Some of the reasons, it’s so hard to lose a parent, sibling, cousin, or close friend, are because they hold so many memories of us that nobody else does.
In a perfect world, our parents were there the day we were born, if not both, at least our mother. They hold the memory of how we came into the world. Even adopted children wonder how they were conceived and why they were given up for adoption. Were they not wanted? Could their parents not afford them? Were there extenuating circumstances? Everyone wants someone to want them, to need them. Even a child who was unplanned can still be wanted and loved. Just because they may have been an “accidental pregnancy” doesn’t make them any less loved or wanted. It only means they weren’t part of the parents original plan at that time, but they were God’s. It’s how the parents’ choose to accept them that makes the difference.
I’ve had two children that came into this world unexpectedly, but they were no less loved than their sibling I planned. Of course I was surprised at first, but I adjusted and was thrilled when they arrived! Both their pregnancies were easier than the one that was planned, funny how that worked out.
But we miss our parents so much when they’re gone, because they know things about us that nobody else does, like every scraped knee, every bike wreck, every time we thought there were monsters under our bed or in our closet, they knew all our fears and hopes, (which might change weekly or daily) and they still loved us, no matter how many sleepless nights or how many times we called out to them, because we saw a shadow in the middle of the night. They nurtured us through sicknesses of every kind, they may have missed work or sleep to help us feel better, but they didn’t complain, except about the grief they were given by their employers. Plus, our parents know our lineage, they remember the generations before us and who our grandparents are and who was who in the family tree. Some of them even remember our great or great-great grandparents, which is hard to fathom! They hold this treasure chest of information about our identity tucked away in their heads and when they’re gone, part of our identity is gone also. Who do we call when we want advice on certain things? For me it was usually my mother. I didn’t always take her advice, but I could bounce my ideas and troubles off her and knew I wouldn’t be judged or condemned. I would still be loved, now I rely on God, and he has even more unconditional love. He also knows things about me my mother never did.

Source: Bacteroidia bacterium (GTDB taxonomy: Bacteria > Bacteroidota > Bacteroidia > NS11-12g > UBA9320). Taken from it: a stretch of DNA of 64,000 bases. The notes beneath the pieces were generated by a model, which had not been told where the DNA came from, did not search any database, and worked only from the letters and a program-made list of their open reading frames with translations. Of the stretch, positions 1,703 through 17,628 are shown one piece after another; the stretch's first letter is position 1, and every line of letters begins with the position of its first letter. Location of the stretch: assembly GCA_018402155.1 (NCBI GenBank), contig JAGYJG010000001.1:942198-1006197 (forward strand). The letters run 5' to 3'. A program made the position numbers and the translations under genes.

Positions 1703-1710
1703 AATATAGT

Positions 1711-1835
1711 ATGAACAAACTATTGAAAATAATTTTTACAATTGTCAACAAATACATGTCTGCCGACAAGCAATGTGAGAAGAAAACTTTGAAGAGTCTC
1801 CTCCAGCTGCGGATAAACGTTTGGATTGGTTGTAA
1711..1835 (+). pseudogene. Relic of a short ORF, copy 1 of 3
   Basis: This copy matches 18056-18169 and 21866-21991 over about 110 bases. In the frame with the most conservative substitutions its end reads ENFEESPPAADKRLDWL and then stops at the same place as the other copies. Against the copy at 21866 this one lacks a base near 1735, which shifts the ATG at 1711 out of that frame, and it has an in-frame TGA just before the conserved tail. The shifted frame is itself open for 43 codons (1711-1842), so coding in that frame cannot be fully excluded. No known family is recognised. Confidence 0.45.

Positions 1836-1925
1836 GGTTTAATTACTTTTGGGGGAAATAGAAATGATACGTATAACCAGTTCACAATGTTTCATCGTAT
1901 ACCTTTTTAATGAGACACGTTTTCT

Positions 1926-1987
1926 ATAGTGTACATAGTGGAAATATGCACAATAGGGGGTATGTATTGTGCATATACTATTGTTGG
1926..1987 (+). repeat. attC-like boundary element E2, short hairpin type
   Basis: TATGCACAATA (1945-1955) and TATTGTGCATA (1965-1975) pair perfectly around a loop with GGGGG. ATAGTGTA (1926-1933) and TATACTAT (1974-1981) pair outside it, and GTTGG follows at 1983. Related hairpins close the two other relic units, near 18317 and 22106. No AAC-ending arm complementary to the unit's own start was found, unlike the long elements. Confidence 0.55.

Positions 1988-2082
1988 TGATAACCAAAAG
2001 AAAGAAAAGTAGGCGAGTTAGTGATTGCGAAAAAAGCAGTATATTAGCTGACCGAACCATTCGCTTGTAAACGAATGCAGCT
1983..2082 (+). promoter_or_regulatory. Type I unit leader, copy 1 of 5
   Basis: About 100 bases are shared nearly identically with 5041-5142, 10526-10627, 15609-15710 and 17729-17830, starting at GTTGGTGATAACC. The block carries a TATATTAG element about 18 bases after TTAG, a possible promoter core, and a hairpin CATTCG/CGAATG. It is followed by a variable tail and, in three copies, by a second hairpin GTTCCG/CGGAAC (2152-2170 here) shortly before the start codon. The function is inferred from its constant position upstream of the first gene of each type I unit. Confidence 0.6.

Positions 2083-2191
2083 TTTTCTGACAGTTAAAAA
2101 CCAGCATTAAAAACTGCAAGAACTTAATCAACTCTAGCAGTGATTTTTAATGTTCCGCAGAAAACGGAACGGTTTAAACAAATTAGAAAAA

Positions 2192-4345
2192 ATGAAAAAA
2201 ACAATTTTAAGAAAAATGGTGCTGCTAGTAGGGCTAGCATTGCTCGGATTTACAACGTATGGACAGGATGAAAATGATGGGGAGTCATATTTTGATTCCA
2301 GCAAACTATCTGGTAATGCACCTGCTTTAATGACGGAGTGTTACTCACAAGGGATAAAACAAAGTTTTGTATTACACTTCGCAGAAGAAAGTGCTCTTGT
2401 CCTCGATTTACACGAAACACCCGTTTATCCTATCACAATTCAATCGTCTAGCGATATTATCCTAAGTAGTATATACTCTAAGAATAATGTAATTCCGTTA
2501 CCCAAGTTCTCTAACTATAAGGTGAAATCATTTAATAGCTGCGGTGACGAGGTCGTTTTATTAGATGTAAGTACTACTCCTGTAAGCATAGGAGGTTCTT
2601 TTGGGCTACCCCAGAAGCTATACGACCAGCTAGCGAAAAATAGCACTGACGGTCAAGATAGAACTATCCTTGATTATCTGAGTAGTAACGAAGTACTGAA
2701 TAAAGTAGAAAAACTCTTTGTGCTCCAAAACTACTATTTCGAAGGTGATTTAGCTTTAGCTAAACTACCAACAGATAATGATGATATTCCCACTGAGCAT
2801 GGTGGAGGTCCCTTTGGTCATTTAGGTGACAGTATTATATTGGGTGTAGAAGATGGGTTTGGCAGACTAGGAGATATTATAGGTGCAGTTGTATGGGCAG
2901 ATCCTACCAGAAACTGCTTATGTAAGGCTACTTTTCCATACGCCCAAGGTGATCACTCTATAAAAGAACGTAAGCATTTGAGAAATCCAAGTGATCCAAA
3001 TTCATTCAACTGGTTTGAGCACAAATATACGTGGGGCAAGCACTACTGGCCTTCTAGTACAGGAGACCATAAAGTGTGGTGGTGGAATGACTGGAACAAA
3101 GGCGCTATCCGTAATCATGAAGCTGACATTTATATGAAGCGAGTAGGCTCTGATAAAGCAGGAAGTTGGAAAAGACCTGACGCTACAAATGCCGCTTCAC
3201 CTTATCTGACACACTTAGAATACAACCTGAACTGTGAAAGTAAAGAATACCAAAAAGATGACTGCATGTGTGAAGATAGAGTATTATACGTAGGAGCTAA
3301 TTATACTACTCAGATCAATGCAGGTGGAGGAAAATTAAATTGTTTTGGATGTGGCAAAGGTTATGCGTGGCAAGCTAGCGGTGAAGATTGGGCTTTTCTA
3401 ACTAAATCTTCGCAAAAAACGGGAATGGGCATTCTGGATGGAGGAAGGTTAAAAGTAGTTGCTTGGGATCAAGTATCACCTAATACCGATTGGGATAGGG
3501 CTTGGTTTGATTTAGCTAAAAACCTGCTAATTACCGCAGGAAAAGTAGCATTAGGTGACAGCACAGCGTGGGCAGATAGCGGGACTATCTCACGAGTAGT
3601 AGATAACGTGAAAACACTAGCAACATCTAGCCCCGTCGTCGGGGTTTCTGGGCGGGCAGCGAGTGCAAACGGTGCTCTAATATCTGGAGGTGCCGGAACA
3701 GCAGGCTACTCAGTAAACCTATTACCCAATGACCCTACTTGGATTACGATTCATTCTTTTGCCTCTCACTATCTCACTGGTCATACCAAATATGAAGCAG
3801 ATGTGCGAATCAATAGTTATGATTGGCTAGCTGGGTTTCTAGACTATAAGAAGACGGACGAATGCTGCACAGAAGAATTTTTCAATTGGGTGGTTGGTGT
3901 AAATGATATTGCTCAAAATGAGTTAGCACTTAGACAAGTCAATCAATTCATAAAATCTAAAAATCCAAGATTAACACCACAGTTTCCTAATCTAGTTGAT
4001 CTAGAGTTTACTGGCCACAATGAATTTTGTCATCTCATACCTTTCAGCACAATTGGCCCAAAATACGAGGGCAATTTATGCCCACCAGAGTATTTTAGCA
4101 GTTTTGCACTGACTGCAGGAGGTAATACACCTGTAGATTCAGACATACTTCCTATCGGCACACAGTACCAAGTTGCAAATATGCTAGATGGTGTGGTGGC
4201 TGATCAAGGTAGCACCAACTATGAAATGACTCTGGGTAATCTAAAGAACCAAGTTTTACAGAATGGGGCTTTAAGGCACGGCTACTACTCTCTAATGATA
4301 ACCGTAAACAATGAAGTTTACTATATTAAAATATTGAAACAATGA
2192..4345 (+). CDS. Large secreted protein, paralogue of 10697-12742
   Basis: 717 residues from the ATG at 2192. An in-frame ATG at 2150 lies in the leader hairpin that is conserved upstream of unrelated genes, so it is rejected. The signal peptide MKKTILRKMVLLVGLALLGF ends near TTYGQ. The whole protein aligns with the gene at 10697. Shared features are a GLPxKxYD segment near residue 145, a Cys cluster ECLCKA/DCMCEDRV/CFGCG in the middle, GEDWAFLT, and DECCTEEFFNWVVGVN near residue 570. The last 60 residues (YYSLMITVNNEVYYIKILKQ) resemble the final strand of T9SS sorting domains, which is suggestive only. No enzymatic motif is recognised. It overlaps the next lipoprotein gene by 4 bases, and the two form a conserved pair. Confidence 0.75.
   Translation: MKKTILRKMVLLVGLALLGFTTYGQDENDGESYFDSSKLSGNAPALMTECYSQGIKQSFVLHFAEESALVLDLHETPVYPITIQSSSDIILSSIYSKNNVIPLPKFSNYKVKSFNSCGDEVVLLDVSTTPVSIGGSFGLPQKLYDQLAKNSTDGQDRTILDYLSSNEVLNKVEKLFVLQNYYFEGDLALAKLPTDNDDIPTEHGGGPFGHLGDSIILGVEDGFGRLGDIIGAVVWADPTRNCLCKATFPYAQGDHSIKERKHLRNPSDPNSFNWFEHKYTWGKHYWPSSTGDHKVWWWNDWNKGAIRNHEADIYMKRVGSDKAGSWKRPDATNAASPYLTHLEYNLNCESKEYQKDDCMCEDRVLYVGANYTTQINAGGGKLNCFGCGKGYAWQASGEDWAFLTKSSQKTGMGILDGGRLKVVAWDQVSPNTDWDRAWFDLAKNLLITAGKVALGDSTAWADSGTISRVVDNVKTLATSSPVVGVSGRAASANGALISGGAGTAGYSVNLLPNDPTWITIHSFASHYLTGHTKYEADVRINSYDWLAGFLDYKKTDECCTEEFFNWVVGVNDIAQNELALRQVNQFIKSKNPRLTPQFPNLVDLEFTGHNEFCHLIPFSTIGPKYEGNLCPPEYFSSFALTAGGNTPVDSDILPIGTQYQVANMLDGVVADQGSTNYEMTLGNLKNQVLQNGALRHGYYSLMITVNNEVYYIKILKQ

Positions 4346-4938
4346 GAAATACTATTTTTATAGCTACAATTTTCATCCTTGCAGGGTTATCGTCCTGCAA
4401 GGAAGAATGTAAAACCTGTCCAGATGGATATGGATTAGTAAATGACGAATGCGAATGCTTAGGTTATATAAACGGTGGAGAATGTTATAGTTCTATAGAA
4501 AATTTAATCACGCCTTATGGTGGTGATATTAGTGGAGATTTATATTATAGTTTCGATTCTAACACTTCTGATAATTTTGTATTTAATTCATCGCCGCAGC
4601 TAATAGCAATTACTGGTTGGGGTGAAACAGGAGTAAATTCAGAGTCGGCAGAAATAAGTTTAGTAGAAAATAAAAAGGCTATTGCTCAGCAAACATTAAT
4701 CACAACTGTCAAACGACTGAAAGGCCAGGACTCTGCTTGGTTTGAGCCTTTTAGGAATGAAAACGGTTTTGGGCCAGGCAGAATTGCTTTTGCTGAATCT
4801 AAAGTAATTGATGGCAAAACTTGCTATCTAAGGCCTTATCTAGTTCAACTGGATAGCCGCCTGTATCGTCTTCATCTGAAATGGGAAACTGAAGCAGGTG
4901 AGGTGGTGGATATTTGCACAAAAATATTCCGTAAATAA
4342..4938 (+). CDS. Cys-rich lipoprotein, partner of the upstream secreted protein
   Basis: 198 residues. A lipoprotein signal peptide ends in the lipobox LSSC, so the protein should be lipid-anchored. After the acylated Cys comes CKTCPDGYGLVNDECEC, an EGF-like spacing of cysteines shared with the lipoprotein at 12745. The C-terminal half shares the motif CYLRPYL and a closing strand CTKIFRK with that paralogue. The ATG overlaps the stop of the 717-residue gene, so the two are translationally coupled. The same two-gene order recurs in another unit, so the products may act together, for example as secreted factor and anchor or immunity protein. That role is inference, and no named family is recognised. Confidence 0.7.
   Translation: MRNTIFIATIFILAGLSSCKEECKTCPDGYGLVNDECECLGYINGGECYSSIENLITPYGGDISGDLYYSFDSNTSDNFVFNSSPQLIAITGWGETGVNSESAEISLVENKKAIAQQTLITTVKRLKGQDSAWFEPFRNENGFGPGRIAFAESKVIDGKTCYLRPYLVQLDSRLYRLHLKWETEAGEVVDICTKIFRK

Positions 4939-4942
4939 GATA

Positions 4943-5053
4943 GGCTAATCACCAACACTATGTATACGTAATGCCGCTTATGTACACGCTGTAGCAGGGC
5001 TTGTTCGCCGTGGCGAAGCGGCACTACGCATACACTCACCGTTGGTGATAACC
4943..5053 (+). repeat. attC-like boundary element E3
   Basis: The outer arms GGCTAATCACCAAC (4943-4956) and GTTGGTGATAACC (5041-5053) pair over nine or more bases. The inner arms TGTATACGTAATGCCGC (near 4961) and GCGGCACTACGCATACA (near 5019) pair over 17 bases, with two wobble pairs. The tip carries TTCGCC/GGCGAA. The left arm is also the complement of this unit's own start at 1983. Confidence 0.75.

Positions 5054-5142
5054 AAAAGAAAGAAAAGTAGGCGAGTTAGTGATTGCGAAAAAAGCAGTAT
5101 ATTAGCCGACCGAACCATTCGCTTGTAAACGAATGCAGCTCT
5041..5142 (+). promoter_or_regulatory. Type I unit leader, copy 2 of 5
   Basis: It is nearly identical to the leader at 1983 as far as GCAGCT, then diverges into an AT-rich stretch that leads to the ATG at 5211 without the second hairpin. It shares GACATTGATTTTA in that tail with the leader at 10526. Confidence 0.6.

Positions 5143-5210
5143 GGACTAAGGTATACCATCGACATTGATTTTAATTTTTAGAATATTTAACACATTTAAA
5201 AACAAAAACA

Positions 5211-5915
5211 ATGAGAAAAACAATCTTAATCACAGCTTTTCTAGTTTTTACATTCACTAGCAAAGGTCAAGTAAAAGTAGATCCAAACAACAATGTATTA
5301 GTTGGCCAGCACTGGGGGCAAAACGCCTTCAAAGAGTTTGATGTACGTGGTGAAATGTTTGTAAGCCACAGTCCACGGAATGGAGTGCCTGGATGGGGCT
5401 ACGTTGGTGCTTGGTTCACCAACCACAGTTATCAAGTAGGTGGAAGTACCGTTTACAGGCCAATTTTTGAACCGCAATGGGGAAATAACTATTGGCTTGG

Luke 12:7 And the very hairs on your head are all numbered. So don’t be afraid; you are more valuable to God than a whole flock of sparrows.
God knows those things my siblings, cousins, and friends knew… Some of those things your parents never knew, because you were either afraid or embarrassed to tell them. They knew your silly antics, your fears, your desires, your confessions, and some of your deepest secrets, that you couldn’t share with your parents. So when any of them pass from this earth, they take those secrets and memories, those crazy shenanigans you shared with them and nobody else. But God still knows those things too. That is why when we lose anyone in our lives, no matter the significance they had, the only one who can bring and give comfort is God.
May God comfort all who have lost loved ones. May he wrap his loving arms around you today as you read this and envelop you with the happy memories and may he take away the painful ones you have. May he free you from any regrets you shared in your loved one’s life and may he replace it with joy for just knowing them. May he guide and comfort you, so that you may be the person you should be, to all those you meet in the future. May he help you be the best parent, grandparent, aunt or uncle to those in your life and a shining example of his love. God is always looking for new life, whether it’s an infant or an adult who turns their life to Him. May God… Let God.
Psalm 139:13-18 You made all the delicate, inner parts of my body and knit me together in my mother’s womb. Thank you for making me so wonderfully complex! Your workmanship is marvelous-how well I know it. You watched me as I was being formed in utter seclusion, as I was woven together in the dark of the womb. You saw me before I was born. Every day of my life was recorded in your book. Every moment was laid out before a single day had passed. How precious are your thoughts about me, O God. They cannot be numbered! I can’t even count them; they outnumber the grains of sand! And when I wake up, you are still with me!